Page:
I 'm in the market for a new pair cycling shoes...
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  1. #1
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    I 'm in the market for a new pair cycling shoes...

    And i'm wondering if certain type of road shoes soles(carbon,plastic, stiffness of sole) are better others at helping with toe numbness, if so what brands or type of things do I need to look for, my current shoes are a Specialized Road with the boa. They are the right size with good toe space, also it seems the numbness is not as bad if i dont tighten them to much, but this leaves them a little loose around my heels.

  2. #2
    Russian Troll Farmer
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    Toe numbness may be an issue with fit and insoles. I usually use an arch insole, and buy my shoes a bit long.
    "L'enfer, c'est les autres"

  3. #3
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    Quote Originally Posted by No Time Toulouse View Post
    Toe numbness may be an issue with fit and insoles. I usually use an arch insole, and buy my shoes a bit long.
    I use the Specialized mid arch insole, don't think the shoes are to small, I also have the cleat set all the way back toward the heel.

  4. #4
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    If the Body Geometry insoles aren't addressing your numb toes, I'd first suggest trying the next model up of the insole; the one with the next most pronounced metatarsal bump. You may need more than the default insole has.

    Some Specialized dealers have a device which takes an imprint of your feet and determines whether you have low, medium, or high arches, and recommends the appropriate insole. You can do the same thing with damp feet, stepping on a paper bag.

    Once you're sure you have the right insoles but the problem persists, your money would be better spent seeing a sports-knowledgeable podiatrist (bring your cycling shoes with you) than suggest a new pair of shoes. In my opinion, all cycling shoes are stiff enough and their stiffness is not the cause of numb toes, but the forces on the foot from pushing down. I feel you need a more supportive insole because your foot is collapsing on the downstroke, pinching a nerve.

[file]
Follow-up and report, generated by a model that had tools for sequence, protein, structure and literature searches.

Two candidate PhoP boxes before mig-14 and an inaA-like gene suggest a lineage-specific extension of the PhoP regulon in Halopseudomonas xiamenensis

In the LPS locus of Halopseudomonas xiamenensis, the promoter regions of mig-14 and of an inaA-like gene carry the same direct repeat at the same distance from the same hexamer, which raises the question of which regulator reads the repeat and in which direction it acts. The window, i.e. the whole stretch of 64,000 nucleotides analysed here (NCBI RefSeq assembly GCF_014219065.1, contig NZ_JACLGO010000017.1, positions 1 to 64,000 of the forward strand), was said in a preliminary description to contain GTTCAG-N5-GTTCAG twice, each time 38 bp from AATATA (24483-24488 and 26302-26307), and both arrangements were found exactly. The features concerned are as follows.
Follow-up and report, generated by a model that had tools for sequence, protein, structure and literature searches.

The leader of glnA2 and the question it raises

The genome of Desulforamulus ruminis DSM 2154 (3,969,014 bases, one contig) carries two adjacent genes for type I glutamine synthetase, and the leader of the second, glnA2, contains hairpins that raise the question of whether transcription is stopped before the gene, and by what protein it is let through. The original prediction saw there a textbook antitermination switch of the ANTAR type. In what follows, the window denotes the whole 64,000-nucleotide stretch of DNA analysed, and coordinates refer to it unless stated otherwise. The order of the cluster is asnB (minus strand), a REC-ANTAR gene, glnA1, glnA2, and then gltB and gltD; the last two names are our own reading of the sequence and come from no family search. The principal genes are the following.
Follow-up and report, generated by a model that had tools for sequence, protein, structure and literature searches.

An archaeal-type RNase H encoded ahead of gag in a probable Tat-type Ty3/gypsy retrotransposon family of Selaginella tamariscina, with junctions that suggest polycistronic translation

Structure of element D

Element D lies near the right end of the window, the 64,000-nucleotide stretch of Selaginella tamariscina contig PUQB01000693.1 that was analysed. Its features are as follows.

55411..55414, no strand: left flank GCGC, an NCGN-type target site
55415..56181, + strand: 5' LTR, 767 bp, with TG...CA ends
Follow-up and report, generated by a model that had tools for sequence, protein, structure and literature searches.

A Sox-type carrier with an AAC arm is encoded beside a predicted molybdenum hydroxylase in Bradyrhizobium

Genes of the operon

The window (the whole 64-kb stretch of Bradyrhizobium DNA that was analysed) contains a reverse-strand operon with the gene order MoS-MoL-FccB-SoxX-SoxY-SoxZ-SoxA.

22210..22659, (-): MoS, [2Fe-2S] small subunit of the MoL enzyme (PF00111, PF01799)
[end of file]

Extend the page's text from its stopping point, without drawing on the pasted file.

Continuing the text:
5. #5
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    Could your feet be swelling? Try a different sock thickness. It's a long shot but thin socks worked for me, especially in the heat.

  6. #6
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    I had issues with foot numbness as well. My LBS adjusted the position of the cleat on the shoe and the numbness went away. This was a part of a fitting to resolve other numbness as well. IIRC, the cleat was too far back.

  7. #7
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    When does the numbness start to escalate ? Straight away or after 20-30 miles?


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  8. #8
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    When I was running clipless I bought a size bigger shoe and it helped a lot due to foot swelling.

    Currently though I run flat pedals and shoes.

  9. #9
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    Quote Originally Posted by izza View Post
    When does the numbness start to escalate ? Straight away or after 20-30 miles?


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    Usually shows up around 25/30 miles depending on how hard or fast we are trying to go. wiggling my toes some helps a little, I dont think I have much padding on the bottom of my feet, sometimes this problem shows up some when I'm on my feet a lot.

  10. #10